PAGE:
It’s the holy grail of being a working parent. Between incessant deadlines and ever-changing sports schedules, therein, amidst the chaos, lies what many say does not truly exist: work-life balance. Many strive for it, some do achieve it (albeit momentarily), but some never get to experience what it truly means: being able to have a career that you’re proud of, and to find time to enjoy your family, too. It is possible, to attain work-life balance, and one of the ways is through flexible work.
Understanding your flexible work options
Flexible work is real, and it’s here to stay. It exists in a variety of forms, many of which are offered by today’s top companies. For example, you could find a remote job in which you would work from your home office, either part-time or full-time. A flexible schedule might allow you to customize your workday according to your needs. Alternatively, you could opt to find a part-time job that would allow you to earn an extra pay check and still pick up your kids from school. Some employees enjoy working a compressed workweek, where they work extra hours some days in order to have other days off.
The benefits of flexible work options
Ask any working parent who has a job with flexible work options about its benefits, and they’ll most likely tell you that they’re too numerous to count. In addition to shortening (and in some cases, eliminating) your commute to work, those who work from home tend to be more productive than their in-office counterparts. Why? Without having to commute so often, they can use that time more effectively to work, freeing up extra hours during the day.
Having a flexible schedule also can mean a big savings for an employee by not having to shell out big bucks to commute, buy office-appropriate attire, or spend extra cash on incidentals that come with a full-time office job.
Apart from the savings of time and money, the biggest draw for having flexible work options is the increased time working parents have to be with their children. No longer do these employees have to choose between getting paid for the day or being able to attend their child’s writing celebration. When their children have activities they would like to be present for, parents can adjust their work schedules accordingly in order to complete their work-related tasks and attend their children’s functions, too.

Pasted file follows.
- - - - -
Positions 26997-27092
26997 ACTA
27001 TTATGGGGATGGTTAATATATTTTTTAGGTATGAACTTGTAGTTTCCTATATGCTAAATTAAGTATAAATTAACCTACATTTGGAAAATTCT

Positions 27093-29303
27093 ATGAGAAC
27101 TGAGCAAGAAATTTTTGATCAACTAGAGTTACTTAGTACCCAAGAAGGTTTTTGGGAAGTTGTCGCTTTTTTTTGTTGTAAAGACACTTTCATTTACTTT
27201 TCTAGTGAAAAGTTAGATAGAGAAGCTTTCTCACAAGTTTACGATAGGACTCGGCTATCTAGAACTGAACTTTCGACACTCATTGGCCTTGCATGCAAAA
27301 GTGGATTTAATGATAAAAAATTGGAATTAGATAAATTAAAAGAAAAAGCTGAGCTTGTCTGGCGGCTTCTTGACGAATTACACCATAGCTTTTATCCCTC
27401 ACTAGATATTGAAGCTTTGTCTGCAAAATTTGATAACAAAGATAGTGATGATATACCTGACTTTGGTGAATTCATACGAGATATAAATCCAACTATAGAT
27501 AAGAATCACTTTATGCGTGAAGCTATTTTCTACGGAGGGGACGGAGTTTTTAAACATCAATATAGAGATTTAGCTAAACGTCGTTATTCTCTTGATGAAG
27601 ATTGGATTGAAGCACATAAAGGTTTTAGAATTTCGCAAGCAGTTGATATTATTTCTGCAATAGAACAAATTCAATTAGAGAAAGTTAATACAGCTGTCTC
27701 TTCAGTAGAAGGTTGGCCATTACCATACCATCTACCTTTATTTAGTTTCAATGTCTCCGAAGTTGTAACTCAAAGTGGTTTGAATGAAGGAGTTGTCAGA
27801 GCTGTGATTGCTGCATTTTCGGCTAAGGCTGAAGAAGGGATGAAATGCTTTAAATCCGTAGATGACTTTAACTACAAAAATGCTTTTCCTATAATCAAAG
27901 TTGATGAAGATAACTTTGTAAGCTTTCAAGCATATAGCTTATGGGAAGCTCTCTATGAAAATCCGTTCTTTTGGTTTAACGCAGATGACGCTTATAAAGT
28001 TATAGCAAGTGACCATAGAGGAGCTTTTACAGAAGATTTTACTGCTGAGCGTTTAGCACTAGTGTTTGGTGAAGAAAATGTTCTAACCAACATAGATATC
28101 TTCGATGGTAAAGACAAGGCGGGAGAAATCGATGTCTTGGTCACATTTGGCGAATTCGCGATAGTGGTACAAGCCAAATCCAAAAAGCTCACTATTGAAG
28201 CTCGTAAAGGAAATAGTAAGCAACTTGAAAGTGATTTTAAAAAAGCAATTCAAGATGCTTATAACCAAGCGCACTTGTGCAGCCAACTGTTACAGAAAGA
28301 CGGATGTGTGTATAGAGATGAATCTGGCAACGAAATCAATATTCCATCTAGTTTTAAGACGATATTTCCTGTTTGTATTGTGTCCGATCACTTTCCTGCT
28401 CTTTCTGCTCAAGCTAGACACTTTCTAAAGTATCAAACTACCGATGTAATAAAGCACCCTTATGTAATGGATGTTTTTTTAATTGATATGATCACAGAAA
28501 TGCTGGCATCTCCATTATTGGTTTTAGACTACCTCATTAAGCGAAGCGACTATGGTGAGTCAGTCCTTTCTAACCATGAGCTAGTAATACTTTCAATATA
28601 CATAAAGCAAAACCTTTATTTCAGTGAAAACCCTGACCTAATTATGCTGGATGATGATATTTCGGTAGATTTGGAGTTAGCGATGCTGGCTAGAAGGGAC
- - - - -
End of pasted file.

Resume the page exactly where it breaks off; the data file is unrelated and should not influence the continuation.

Make flexibility work in your current job
While many companies offer work flexibility, some are still lagging behind. That doesn’t mean that you can’t have a flexible schedule, though. If your current company doesn’t have a policy on work flexibility, you can (and should) propose a flex arrangement.
For example, make a list of all of your responsibilities, noting which ones can be done from a home office. Then schedule a meeting with your boss to ask to work from home, pointing out the parts of your job that lend themselves to a more flexible schedule. If your boss is reticent to let you work from home full-time, you may need to be flexible and ask to either work from home part-time or even have a compressed workweek on a trial basis until he gets used to the idea.
Find a new job that offers flexible work options
If your boss is, well, inflexible, it may be time for you to find a new company that understands the work-life balance needs of not only working parents, but workers everywhere. Most studies show the vast majority of companies either currently support or will soon support flexible work options, so start searching for a new job that will offer you more options for your work-life balance.
While “having it all” still might be a stretch, you can have better balance in your work and personal lives. Flexible work options go a long way to helping you with that. Try to create a more flexible environment in your current job, or branch out into a new role that supports work flexibility. You and your family will be happy you did!